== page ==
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http://www.financial-ombudsman.org.uk/publications/ombudsman-news/144/144.html

 

144/3 – Mr A complains that his home insurance is too expensive

Mr A, in his eighties, had been living with dementia for a few years. He didn’t use a computer, and his wife, who’d always taken care of the home expenses, had died about seven years before. So after this he’d asked the insurer to send things to him by post.

 

Mr A’s nephew got in touch with us when helping his uncle out with his household finances. He’d noticed the home insurance for his uncle’s two-bedroom terraced home was £1,400. He’d found similar policies online for as little as £150. Indeed his existing insurer was quoting £300 for more comprehensive cover.

 

He’d been with the same insurer for 15 years, originally taking out the policy for £200. The policy had automatically renewed every year and Mr A had never made a claim. Mr A’s nephew complained on his uncle’s behalf that the price of the policy wasn’t fair. He told us his uncle was very upset to think his insurer had taken advantage of his loyalty.

 

In response to Mr A’s complaint, the insurer said the price was correct and that the quotes on their website were lower because of “online discounts”. Mr A’s nephew asked for our help to sort things out.

how we helped

When considering whether Mr A was treated fairly, we looked at whether he’d been given clear information when his insurance was due to be renewed. He needed to have been able to make an informed decision about accepting the price and cover offered.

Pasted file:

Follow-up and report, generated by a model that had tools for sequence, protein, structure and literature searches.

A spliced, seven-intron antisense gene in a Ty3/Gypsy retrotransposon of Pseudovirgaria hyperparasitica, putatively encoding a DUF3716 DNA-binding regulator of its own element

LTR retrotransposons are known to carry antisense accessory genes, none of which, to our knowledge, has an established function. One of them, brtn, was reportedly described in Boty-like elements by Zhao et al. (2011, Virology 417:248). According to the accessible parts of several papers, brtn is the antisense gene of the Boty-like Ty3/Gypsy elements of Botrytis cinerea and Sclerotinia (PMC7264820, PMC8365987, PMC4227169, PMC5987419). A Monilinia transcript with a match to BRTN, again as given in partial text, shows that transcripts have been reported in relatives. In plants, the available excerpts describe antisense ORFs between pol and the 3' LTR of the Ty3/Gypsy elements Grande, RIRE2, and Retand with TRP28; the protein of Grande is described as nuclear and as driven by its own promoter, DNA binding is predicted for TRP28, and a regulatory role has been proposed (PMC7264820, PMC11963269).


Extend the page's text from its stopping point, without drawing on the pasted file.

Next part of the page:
Mr A’s renewal documents were sent to him by post. And for the first four years the price had increased very little. In the fifth year, it went up by 15% and by similar amounts after that.

 

The insurer’s renewal letters told Mr A that as a valued customer he’d received a number of discounts for making no claims and staying with them. But we thought the difference in price between Mr A’s policy and the online policies couldn’t be explained by the online discounts alone. The renewal letters also referred to other policies being available, but said that unless his circumstances had changed, Mr A didn’t need to do anything. Overall, we thought that the information he’d had at renewal could have been misleading.

 

From what Mr A’s nephew told us about his personal circumstances and his lack of direct engagement, we thought it should have been clear to the insurer that Mr A might need additional help in making an informed choice about whether to renew his policy.

 

We didn’t think the insurer had done enough to let him know there were other, potentially cheaper, options available. Increasing his price each year without taking into account Mr A’s needs had left him potentially susceptible to detriment. We thought that his vulnerability should have been apparent from the fifth policy year onwards. That was also when the price of his policy had begun to increase significantly, the original new customer discount having been recouped by then too.

 

We told the insurer to refund the difference in premiums, with interest, for each year between the price paid after five years and the subsequent renewal offers. The insurer also accepted our recommendation to pay £150 for the upset they caused Mr A.

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